“Dogs should not be left out for any extended period of time in the summer heat," Brodsky added. "There should always be plenty of shade available as well as a constant supply of fresh cool water, as dehydration and heat stroke can ensue very quickly."
- Don’t over-exercise your dog. We don’t like jogging in the heat, and neither do our dogs. When the weather is absolutely brutal, it’s okay to shorten Fido’s walk and keep exercise indoors, or at least to a minimum. This is especially important for overweight dogs and “flat-faced” (brachycephalic) pooches.
"Summer heat can be rough to begin with for any dog or cat, however dogs with breathing problems such as laryngeal paralysis or brachycephalic airway syndrome and obesity are at even greater risk of dangerously overheating more rapidly,” Brodsky said.
Other Pets & Heat
Small animals like rodents, rabbits, and ferrets don’t do well in the heat either, and it’s an absolute must that they have air conditioning made available to them while you’re away all day. It might be inconvenient to foot that sort of electric bill for the sake of your critter friends, but it’s necessary. Though small, many “pocket pets” are susceptible to heat stroke and just a few hours in warm weather can do lasting damage.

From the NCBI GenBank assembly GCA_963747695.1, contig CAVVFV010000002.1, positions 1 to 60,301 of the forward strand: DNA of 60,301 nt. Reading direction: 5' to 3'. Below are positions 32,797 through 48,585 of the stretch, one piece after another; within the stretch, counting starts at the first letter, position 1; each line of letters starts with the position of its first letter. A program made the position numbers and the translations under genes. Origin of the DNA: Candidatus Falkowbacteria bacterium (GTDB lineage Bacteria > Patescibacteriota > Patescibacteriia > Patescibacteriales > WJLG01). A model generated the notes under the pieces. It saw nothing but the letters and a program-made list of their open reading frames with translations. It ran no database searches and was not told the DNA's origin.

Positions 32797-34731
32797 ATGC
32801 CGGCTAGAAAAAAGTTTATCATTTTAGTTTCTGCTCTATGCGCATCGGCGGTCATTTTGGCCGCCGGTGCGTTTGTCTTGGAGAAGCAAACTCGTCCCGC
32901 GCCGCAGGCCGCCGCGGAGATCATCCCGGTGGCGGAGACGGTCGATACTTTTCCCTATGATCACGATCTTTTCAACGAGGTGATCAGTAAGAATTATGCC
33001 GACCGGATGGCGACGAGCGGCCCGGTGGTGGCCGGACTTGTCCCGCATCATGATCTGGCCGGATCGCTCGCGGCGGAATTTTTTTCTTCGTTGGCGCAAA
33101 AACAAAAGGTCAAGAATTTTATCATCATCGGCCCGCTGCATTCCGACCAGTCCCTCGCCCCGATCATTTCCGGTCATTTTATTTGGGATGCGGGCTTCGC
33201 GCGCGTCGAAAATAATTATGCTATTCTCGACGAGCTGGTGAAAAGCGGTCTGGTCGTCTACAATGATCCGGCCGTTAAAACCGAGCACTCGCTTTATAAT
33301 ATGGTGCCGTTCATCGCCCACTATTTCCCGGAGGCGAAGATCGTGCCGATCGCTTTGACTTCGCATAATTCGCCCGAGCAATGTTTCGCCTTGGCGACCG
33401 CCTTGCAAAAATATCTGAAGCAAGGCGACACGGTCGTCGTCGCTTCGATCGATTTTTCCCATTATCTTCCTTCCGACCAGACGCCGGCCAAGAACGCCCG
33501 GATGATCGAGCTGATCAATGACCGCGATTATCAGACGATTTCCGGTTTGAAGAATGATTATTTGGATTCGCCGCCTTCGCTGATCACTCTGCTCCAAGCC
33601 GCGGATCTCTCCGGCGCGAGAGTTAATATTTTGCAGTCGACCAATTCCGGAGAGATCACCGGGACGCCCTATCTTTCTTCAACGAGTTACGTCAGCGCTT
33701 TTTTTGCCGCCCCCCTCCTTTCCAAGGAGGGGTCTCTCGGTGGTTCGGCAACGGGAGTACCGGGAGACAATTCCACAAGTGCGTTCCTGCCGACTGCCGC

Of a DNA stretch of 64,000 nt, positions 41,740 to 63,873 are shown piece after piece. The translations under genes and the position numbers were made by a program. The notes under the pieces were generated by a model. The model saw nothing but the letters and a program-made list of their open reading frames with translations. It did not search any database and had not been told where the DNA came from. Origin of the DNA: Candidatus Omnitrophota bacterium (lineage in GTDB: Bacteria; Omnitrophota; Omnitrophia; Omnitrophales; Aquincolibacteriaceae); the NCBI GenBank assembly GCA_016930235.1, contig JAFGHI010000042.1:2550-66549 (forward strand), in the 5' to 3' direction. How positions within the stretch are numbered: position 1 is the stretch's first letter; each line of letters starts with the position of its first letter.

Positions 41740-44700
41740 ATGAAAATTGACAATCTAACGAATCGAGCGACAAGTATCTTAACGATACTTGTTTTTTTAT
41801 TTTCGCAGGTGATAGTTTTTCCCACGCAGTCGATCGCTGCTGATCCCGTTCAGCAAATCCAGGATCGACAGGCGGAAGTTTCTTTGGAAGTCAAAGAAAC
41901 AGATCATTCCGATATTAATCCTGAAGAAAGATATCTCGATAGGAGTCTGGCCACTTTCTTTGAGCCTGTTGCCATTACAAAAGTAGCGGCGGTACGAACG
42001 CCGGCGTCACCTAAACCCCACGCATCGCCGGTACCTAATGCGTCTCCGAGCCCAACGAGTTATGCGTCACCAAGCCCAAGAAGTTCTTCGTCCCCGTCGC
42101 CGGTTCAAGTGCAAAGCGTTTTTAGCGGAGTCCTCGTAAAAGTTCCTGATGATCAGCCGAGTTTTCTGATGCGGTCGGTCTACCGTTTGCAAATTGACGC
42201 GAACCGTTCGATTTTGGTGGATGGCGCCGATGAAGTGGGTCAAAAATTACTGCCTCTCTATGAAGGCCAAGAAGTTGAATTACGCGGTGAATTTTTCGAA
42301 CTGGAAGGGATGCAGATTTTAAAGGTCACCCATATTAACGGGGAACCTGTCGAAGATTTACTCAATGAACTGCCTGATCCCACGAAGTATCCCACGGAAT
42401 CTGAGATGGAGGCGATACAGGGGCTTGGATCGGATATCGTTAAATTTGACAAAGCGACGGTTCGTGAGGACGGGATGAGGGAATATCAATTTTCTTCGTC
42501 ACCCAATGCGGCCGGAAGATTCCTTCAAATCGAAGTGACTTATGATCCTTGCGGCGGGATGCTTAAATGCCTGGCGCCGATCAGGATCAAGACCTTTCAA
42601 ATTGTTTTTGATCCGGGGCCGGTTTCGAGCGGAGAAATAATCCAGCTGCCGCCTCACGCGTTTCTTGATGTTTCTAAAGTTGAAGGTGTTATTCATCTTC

Other ideas to keep your small pets cool are to freeze giant water bottles and leave them in the pet's cage. It’s almost like a home air conditioning unit.
Please keep in mind that electric fans should never be aimed toward rodents or rabbits as a means of keeping cool. Their delicate respiratory systems don’t appreciate it.